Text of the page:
24. United States, Department of Health and Human Services, Administration for Children and Families, Office of Child Care, Technical Assistance Network, “Pre-Kindergarten and Child Care Coordination Initiatives,” Child Care State Systems Specialist Network, September 1, 2012. Accessed September 25, 2014. Available at:


  25. Ibid.


  26. “City Opening New Early Childhood Education Center On South Side,” CBS Chicago, August 8, 2013. Accessed September 25, 2014. Available at:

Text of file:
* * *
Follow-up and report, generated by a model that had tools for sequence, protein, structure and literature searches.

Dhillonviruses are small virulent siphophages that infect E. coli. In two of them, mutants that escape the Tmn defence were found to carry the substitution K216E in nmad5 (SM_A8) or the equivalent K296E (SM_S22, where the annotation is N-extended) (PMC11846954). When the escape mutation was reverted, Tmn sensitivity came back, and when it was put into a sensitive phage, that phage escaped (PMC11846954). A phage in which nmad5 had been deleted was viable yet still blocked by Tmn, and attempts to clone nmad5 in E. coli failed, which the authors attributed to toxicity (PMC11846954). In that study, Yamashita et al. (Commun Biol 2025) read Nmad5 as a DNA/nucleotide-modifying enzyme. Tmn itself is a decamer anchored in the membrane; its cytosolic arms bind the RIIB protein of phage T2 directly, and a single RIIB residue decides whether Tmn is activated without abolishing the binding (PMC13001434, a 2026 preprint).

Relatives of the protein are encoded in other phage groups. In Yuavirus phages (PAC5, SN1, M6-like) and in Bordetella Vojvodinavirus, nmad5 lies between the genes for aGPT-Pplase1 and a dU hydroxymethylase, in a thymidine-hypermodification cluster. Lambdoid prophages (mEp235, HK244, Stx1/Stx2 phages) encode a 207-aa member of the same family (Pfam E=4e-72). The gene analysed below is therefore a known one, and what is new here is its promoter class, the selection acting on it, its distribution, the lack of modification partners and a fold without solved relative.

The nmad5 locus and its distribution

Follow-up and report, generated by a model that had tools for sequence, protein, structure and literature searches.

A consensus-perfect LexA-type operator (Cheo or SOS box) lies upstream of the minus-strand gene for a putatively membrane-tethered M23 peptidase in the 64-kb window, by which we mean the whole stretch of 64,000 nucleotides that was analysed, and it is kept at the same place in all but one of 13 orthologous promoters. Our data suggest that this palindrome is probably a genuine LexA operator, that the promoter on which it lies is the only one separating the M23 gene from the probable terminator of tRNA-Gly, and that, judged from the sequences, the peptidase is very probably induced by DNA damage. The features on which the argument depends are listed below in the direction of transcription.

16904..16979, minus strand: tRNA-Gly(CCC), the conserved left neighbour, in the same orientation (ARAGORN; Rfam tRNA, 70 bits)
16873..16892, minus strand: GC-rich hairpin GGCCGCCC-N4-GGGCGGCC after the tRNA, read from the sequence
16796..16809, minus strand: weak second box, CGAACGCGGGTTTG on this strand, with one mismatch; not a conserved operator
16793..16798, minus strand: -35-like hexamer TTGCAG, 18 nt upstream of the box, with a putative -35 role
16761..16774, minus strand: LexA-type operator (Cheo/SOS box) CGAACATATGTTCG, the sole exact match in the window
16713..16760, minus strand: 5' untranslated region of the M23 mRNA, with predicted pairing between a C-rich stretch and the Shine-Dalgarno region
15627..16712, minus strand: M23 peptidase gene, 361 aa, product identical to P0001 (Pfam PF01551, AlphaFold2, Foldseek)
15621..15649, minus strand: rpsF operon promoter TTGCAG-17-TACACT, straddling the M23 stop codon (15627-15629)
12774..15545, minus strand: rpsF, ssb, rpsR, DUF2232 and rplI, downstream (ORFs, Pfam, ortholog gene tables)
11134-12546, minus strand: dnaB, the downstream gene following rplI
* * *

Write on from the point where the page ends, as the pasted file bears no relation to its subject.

27. “President Obama’s Plan for Early Education,” Questions and Answers, The National Women’s Law Center, April 2013. Accessed September 25, 2014. Available at:


  28. United States, Department of Health and Human Services, Administration for Children and Families, Office of Child Care, “Child Care and Development Fund,” Fact Sheet, September 17, 2012. Accessed September 25, 2014. Available at: